pretty awesome…in every way
- day 10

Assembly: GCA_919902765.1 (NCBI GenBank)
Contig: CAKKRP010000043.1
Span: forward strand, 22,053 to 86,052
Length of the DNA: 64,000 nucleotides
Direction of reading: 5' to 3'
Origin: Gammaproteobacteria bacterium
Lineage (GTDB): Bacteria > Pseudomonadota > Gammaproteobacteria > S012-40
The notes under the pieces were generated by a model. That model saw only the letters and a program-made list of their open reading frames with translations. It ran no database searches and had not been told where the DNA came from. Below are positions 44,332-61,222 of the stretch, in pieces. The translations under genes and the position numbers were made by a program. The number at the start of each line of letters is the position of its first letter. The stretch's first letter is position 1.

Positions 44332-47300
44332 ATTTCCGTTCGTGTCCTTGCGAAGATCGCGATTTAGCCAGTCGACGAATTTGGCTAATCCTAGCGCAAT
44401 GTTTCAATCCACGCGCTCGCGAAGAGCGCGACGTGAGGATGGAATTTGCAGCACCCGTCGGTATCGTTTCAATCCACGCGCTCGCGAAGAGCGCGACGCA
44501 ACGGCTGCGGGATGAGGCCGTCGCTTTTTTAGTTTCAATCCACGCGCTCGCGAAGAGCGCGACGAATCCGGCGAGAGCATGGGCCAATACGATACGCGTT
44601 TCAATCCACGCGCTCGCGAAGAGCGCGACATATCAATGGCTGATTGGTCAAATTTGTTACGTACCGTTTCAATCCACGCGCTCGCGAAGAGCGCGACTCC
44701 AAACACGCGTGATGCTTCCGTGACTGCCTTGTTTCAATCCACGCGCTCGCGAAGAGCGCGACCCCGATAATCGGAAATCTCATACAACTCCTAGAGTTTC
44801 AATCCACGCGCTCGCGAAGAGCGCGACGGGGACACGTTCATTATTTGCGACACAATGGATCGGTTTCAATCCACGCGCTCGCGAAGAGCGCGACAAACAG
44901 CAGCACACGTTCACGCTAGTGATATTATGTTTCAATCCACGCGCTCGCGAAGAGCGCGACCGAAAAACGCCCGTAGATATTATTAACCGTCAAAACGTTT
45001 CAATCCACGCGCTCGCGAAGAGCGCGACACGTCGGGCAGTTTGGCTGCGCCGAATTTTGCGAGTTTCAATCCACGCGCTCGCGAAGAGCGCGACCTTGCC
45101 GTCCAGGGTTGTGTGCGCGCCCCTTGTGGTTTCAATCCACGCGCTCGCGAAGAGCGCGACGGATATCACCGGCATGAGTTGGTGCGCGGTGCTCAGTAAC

I’m sitting here at home a little sore and very tired and exhausted reflecting on what I’ve just been through for the last couple of days. Being a part of Rev3’s Run Across America for Ulman Cancer Fund has been a pretty awesome experience in every way possible. A little over a week ago, the Rev3 staff had just started their 21-day 3,080-mile adventure, and I was tracking their progress and saying how lucky they were to be a part of something so amazing. A few days later, I happened to see an email cross my inbox saying that they could use some relief runners along the way. It would be crazy to join in on something like that, right? (Being the planner type, I’m not sure most people would ever use the word “spontaneous” to describe me.) No, it’d actually be crazy to let such a great opportunity slip by! A couple days later, plans were finalized, and I was buying plane tickets out to Texas and back home from Oklahoma. I was actually going to run with the group for a couple days! A few days later, having not slept much those few nights before (being so excited about the trip), I woke up at 3 am to fly out to Amarillo. When I finally got there, Chris was driving me off to meet up with the group.